Remembering The C Programming Language

Recently it seems that I have been writing a lot about people that have made a significant contribution to our industry that are no longer with us. This is again the case. There are few on this planet that have not heard about Steve Jobs (see Steve Jobs, 1955-2011). I also wrote a piece about passing giants that included Steve and Ken Olsen, another notable figure that co-founded Digital Equipment Corporation (DEC). I should have added Dennis Ritchie, co-author of The C Programming Language, and Robert Galvin of Motorola.

The embedded community has been built on the C programming language. It remains at the top of the list for programming languages within that space even now with C++ second. C++ is a superset of C making it more than a 2nd cousin. More like a super clone.

Dennis and Brian Kernighan were involved in the creation of C and UNIX. The book, "The C Programming Language," probably did more for its adoption than anything else. It is one book I read cover to cover. It was only 228 pages but it was clear and concise. The "K&R style" of writing has often been quoted. It made the language approachable to millions of programmers.

Dennis Ritchie received many accolades for his wide range of work that matched that of Jobs although fewer knew about Ritchie's impact. He received the Turing Award with Ken Thompson in 1983 and the IEEE Richard W. Hamming Medal in 1990. They also received the National Medal of Honor and the Japan Prize.

Dennis started with the Multics project and worked with Thompson's B language to create C. There is actually a D language created by Walter Bright of Digital MARS. D that "combines the power and high performance of C and C++ with the programmer productivity of modern languages like Ruby and Python." C's impact can be found in most major programming languages from C# to Java.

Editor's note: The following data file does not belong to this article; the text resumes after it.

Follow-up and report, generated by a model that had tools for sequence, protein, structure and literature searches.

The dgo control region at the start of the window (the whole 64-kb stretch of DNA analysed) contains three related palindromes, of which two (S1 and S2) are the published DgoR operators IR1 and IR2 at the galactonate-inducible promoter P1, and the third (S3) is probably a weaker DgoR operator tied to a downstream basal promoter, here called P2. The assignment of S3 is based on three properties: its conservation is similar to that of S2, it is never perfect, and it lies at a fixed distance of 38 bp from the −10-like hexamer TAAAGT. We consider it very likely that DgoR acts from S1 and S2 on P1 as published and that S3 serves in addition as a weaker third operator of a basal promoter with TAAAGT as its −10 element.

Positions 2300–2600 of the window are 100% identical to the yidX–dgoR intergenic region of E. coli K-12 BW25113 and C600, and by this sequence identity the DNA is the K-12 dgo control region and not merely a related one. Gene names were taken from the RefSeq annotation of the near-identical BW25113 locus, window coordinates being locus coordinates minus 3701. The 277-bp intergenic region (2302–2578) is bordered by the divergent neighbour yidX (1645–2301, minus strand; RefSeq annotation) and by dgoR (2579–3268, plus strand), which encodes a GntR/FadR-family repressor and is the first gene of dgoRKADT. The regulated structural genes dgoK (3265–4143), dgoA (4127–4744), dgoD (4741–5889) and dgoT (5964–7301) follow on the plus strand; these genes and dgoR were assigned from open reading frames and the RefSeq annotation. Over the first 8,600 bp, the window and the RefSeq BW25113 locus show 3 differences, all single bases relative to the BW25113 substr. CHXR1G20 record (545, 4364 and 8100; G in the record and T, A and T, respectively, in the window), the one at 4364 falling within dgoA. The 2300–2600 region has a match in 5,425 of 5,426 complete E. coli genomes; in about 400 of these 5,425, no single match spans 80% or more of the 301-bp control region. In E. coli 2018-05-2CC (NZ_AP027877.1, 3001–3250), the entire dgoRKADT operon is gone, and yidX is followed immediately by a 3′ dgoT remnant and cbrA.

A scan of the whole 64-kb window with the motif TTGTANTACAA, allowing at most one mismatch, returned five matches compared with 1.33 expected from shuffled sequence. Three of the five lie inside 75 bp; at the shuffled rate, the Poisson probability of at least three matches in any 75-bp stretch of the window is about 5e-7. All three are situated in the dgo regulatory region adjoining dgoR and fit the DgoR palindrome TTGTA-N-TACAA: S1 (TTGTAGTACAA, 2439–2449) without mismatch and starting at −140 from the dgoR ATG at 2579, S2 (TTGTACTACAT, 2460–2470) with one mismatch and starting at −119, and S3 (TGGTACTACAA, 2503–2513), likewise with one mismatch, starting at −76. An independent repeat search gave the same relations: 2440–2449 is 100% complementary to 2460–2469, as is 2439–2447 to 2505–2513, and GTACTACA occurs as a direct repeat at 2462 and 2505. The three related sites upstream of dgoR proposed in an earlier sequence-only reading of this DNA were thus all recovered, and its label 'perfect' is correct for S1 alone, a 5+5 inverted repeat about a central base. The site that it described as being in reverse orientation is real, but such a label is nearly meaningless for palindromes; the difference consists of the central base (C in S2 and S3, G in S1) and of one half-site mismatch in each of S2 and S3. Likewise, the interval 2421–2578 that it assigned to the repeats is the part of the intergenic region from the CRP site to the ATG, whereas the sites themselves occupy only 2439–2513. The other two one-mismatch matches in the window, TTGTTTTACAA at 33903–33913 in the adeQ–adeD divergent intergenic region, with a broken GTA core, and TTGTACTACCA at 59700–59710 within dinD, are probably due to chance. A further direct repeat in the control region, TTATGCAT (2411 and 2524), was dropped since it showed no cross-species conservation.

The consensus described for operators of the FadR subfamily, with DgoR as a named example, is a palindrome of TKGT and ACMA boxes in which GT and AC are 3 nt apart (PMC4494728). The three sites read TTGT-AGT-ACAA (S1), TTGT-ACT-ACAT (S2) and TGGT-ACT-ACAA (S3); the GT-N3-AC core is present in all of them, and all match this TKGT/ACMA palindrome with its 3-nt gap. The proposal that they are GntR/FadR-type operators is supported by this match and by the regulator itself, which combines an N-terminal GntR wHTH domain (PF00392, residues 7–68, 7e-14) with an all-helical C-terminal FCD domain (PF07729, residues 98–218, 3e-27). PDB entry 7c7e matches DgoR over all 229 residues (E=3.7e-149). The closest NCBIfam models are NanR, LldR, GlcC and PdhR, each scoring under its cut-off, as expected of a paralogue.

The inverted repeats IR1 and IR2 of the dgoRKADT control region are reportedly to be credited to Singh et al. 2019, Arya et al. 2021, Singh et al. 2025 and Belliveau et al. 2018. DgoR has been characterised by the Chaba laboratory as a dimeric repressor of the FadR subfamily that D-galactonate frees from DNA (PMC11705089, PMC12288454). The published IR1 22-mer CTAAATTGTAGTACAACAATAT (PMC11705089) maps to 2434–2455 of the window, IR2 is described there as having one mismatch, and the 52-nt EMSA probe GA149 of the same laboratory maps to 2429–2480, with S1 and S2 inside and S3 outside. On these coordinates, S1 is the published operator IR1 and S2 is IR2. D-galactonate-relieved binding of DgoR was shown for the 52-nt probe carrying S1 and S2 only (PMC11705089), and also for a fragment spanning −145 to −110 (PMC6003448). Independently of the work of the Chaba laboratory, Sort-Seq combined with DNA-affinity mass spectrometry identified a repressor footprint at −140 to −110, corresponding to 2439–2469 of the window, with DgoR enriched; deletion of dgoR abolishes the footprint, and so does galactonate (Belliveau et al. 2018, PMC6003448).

I tend to wander on some of my blog posts and this is no exception. In particular, I wanted to highlight Richard Stallman's blog post about Steve Jobs where he states:

Steve Jobs, the pioneer of the computer as a jail made cool, designed to sever fools from their freedom, has died.

As Chicago Mayor Harold Washington said of the corrupt former Mayor Daley, "I'm not glad he's dead, but I'm glad he's gone." Nobody deserves to have to die - not Jobs, not Mr. Bill, not even people guilty of bigger evils than theirs. But we all deserve the end of Jobs' malign influence on people's computing.

Unfortunately, that influence continues despite his absence. We can only hope his successors, as they attempt to carry on his legacy, will be less effective.

We typically write and remember the best of what people and often overlook these other issues. Unfortunately many of these issues are not well understood by the public in general that like their flashy Android and Apple smartphones and tablets. While the smartphones and tablets may be replaced on a regular basis, things like licensing issues typically remain or cause things you thought you owned to disappear. The "walled garden" approach of popularized by Apple's App Store continues to grow. The Amazon Kindle Fire tablet (see Amazon Fires a Silk Proxy In The Cloud) has its own community complete with a cloud-based caching system for its web browser. I'll probably write more about this later but it galls me that I have to use different apps and content depending upon the source of the material. I know how to get content without DRM from publishers like Baen (see EReaders: Kindle Versus Droid) because I use some many different systems but most people only use content on one device.

Check out the Free Software Foundation website for more on these issues.

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